A Ukraine-born businessman who once helped Donald Trump's personal lawyer Rudy Giuliani gather information about U.S. President-elect Joe Biden pleaded not guilty to cheating investors in a fraud-insurance company, even after his former partner in the venture pleaded guilty. At a hearing on Monday before U.S. District Judge Paul Oetken in Manhattan, Lev Parnas and another former Giuliani associate, Belarus-born Igor Fruman, also pleaded not guilty to violating campaign finance laws and other charges in an amended indictment. Prosecutors accused Parnas and his partner of conning people into investing more than $2 million in their Florida-based start-up, Fraud Guarantee, only to withdraw much of it for personal uses, including political donations.
Judge asks Georgia administration not to alter, destroy or erase data on any Dominion voting machine
Despite a government ban and arrests of hundreds of activists, Pakistani opposition supporters rallied in a central city on Monday, calling on Prime Minister Imran Khan to resign over alleged bad governance and incompetence. The rally in the city of Multan was held a day after police, on orders from the government, carried out the arrests and banned the gathering, defending the move as necessary to combat the coronavirus pandemic in Pakistan. Authorities in Multan also switched off the area's mobile phone network.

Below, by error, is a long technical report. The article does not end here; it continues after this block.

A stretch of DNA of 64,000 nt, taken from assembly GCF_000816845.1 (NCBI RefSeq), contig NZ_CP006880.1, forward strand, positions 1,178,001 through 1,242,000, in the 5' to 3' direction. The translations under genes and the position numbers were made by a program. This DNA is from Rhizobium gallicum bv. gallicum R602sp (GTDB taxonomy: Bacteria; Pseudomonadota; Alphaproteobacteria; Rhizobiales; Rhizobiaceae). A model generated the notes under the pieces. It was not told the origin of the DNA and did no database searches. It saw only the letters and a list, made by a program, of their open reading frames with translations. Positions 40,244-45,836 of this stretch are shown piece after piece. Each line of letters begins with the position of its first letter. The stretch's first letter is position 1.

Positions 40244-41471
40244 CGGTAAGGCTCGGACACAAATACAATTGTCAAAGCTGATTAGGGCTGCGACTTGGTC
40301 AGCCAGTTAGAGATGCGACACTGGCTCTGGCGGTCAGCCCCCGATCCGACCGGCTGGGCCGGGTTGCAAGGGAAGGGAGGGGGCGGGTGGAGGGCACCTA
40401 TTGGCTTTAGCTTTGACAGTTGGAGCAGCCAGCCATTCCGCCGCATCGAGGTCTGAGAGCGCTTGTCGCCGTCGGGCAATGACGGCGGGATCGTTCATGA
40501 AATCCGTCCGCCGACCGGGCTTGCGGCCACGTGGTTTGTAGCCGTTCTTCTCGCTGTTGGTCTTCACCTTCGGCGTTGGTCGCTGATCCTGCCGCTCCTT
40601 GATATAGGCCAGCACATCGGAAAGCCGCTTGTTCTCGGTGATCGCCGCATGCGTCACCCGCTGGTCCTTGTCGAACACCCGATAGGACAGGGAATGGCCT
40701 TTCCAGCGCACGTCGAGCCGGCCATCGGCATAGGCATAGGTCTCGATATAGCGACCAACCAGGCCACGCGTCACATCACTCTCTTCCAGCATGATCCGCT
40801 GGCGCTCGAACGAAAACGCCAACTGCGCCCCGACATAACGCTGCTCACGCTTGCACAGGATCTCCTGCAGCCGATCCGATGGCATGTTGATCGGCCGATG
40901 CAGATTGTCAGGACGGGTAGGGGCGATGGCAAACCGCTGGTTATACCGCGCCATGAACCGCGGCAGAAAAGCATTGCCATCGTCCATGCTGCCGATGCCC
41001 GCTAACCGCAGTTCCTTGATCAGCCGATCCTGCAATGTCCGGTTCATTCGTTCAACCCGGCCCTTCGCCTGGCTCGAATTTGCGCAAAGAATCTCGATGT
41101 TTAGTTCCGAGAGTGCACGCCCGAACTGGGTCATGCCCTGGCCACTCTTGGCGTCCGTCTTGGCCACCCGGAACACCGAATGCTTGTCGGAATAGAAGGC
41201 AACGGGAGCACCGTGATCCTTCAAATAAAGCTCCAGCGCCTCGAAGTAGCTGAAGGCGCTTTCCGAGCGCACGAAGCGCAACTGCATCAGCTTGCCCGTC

Trans children should not receive controversial puberty blockers unless they understand the risks, according to a landmark High Court ruling, as judges warn that most teenagers cannot give their consent. The ruling means that children who wish to undergo gender reassignment can now only legally consent to taking puberty blockers if they are able to understand the “long-term risks and consequences of the administration of” the drugs. The case had been brought against Tavistock and Portman NHS Trust, which runs the UK’s only gender identity development service (GIDS) for children, by Keira Bell, a 23-year-old woman who began taking puberty blockers when she was 16 before “detransitioning”. She said the clinic should have challenged her more over her decision to transition to a male as a teenager. The legal challenge was also brought by a woman who can only legally be identified as ‘Mrs A’, the mother of a 15-year-old autistic girl who is currently on the waiting list for treatment. At a hearing in October, their lawyers said children going through puberty are “not capable of properly understanding the nature and effects of hormone blockers”. They argued that there is “a very high likelihood” that children who start taking hormone blockers will later begin taking cross-sex hormones, which they say cause “irreversible changes” and that the NHS Trust offers "fairytale" promises to children because they are unable to give their consent to the sex-change process. However in the judgement handed down on Tuesday, Dame Victoria Sharp, sitting with Lord Justice Lewis and Mrs Justice Lieven, said that children under 16 needed to understand “the immediate and long-term consequences of the treatment” to be able to consent to the use of puberty blockers. The judges said in their ruling: “It is highly unlikely that a child aged 13 or under would be competent to give consent to the administration of puberty blockers. “It is doubtful that a child aged 14 or 15 could understand and weigh the long-term risks and consequences of the administration of puberty blockers.” They added: “In respect of young persons aged 16 and over, the legal position is that there is a presumption that they have the ability to consent to medical treatment. “Given the long-term consequences of the clinical interventions at issue in this case, and given that the treatment is as yet innovative and experimental, we recognise that clinicians may well regard these as cases where the authorisation of the court should be sought prior to commencing the clinical treatment.” During the High Court hearing in October, the Tavistock and Portman NHS Trust - as well as University College London Hospitals NHS Foundation Trust and Leeds Teaching Hospital NHS Trust, to which Tavistock refers children and young people experiencing gender dysphoria - argued that taking puberty blockers and later cross-sex hormones were entirely separate stages of treatment. But, in its ruling, the High Court said: "It is said therefore the child needs only to understand the implications of taking puberty blockers alone ... in our view this does not reflect the reality. "The evidence shows that the vast majority of children who take puberty blockers move on to take cross-sex hormones." The court added that both treatments were "two stages of one clinical pathway and once on that pathway it is extremely rare for a child to get off it". Speaking outside the Royal Courts of Justice after the ruling, Keira Bell said she was "delighted" with the High Court's ruling, adding that “common sense has prevailed”. "This judgment is not political,” she said, “it's about protecting vulnerable children." A statement was also read on behalf of her fellow claimant, Mrs A, which said: "I'm relieved to hear the court have understood and agreed with our concerns about... treating children and young people with puberty blockers." Their solicitor Paul Conrathe said the ruling was "an historic judgment that protects children who suffer from gender dysphoria". He added: "Ultimately this case was decided on the facts that were known by the Tavistock. "Ironically - and as matter of serious concern - despite its international reputation for mental health work, this judgment powerfully shows that a culture of unreality has become embedded in the Tavistock. "This may have led to hundreds of children receiving this experimental treatment without their properly informed consent." In response, a spokesperson for the Tavistock and Portman NHS Foundation Trust said: “The Trust is disappointed by today’s judgment and we understand that the outcome is likely to cause anxiety for patients and their families. “Our first duty is to our patients, particularly those currently receiving hormone blocking treatment and we are working with our partners, University College London Hospitals NHS Foundation Trust and Leeds Teaching Hospitals NHS Trust, to provide support for patients concerned about the impact on their care. “The Trust is seeking permission to appeal the judgment, and in the meantime, confirms its ongoing support for the review commissioned by NHS England being led by Dr Hilary Cass. “We will update our statement once we know the outcome of today’s further court proceedings.” Lui Asquith, from the trans children's charity Mermaids, said the ruling was a "devastating blow for trans young people across the country”. “We believe very strongly that every young person has the right to make their own decisions about their body and that should not differ because somebody is trans. "The court today has decided to treat trans young people differently to every other child in the country. "We believe that we're entering a new era of discrimination, frankly. We see day in, day out at Mermaids the positive impact hormone blockers can have on some trans young people - in all honesty, they can save lives. "They allow some young people to be able to go outside, engage in society, go to school, and we're now in a position whereby those young people are not necessarily going to be able to access it. "We're entering a new era of experimentation, that experiment being what happens to trans young people who need hormone blockers who can't get them."